In 1963 Mathematician and Meteorologist Edward Lorenz, while developing new weather forecast methodologies, decided to input an ever slight variation to the initial condition assigned to a model he used to study the evolution of a weather system: results were incredible. Despite the infinitesimal dimension of the variation, the resulting meteorological forecast was completely changed even in the very short term. In one case the weather system would have developed into a severe storm devastating large areas of the USA, while in the other case it would have simply become weaker and would have thereafter disappeared. Years later, on completing his research, Professor Lorenz  gave a speech at which was soon to become very famous: “Does the flap of a butterfly’s wings in Brazil set off a tornado in Texas?”.

The basis for a modern theory of complex systems were laid down and the prototypical example had found its “folk” definition as “Butterfly Effect”, which indicated the high sensitivity of complex systems to their own initial conditions. Applications of this theory thereafter extended to a wide number of fields including, finally, organizational studies. Flyrad, which was founded by professionals and academics working in industries  with high risk activities and high damage potentials, embraced this theory from its very beginnings.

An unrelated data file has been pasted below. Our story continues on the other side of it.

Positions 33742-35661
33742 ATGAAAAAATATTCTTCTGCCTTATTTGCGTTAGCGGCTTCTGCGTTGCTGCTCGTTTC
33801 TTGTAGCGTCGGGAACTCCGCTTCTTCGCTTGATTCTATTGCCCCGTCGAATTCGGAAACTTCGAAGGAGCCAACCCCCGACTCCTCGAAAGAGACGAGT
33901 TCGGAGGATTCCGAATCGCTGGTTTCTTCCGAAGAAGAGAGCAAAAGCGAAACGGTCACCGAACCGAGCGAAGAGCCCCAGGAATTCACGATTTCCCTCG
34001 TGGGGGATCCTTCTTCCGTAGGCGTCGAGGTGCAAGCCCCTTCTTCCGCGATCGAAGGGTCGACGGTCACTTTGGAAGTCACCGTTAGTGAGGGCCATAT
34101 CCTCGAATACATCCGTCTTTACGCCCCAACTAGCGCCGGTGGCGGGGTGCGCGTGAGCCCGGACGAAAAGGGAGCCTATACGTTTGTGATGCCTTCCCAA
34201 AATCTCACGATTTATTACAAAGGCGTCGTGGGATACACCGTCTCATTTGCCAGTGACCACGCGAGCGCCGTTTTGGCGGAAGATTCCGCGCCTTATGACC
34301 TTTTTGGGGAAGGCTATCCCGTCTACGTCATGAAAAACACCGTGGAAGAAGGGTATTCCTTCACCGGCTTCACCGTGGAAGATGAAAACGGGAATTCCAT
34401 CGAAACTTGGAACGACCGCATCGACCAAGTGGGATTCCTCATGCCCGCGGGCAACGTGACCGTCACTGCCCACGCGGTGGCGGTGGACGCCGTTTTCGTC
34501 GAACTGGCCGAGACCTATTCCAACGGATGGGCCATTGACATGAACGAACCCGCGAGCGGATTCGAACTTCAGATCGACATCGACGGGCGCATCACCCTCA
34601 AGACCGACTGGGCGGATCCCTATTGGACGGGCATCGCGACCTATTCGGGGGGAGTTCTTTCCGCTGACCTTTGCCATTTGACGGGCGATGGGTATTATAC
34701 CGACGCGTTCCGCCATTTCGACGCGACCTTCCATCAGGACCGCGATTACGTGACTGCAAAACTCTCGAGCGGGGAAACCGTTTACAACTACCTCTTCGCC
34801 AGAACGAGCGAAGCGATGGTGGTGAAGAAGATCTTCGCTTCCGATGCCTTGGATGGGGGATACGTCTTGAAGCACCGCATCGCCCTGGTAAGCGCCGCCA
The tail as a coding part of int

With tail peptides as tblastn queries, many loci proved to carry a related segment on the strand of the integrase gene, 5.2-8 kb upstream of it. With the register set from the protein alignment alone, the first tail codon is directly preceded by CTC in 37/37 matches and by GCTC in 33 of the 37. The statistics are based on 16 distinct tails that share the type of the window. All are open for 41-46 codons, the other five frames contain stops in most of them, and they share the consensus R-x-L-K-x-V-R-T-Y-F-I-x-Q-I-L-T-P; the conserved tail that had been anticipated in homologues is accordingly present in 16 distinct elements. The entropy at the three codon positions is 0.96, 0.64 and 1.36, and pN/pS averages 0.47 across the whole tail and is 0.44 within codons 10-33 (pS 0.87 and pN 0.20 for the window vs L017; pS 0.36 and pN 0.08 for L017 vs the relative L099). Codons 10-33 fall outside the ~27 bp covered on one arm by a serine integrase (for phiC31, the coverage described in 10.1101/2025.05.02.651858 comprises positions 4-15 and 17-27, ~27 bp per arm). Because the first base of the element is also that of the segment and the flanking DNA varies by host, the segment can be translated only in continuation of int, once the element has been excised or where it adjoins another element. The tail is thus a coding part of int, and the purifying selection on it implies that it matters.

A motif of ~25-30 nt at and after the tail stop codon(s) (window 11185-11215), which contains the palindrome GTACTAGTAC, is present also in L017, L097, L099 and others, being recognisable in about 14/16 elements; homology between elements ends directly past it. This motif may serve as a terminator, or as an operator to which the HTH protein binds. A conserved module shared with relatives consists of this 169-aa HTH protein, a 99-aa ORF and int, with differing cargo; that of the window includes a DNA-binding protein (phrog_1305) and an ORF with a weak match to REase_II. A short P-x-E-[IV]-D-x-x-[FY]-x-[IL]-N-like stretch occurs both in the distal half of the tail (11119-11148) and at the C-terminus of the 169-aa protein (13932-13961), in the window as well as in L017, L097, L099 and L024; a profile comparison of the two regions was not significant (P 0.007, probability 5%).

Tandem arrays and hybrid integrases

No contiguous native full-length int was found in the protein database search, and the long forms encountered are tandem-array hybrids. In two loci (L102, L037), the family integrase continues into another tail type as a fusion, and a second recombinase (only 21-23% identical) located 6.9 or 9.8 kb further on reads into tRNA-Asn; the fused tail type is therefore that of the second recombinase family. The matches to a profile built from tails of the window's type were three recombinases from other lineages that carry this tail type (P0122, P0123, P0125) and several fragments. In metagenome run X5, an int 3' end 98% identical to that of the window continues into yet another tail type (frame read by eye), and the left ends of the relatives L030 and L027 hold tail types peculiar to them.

We believe every organization must be analyzed in its complexity and in an evolutionary perspective: initial conditions must be “re-constructed”  and studied form the smallest aspects to the general ones: from atom to flight. Observation of the long term effects of initial conditions and the analysis of interference factors will help finding strengths and weaknesses of the organization, evaluating its resilience and finally its capability of reacting to hazardous events.
Flyrad does not produce standard solutions for everyone: We use insiders’ support to design tailored solutions for each and every different operator. Find out more on the way we will change your way of thinking Safety. Welcome.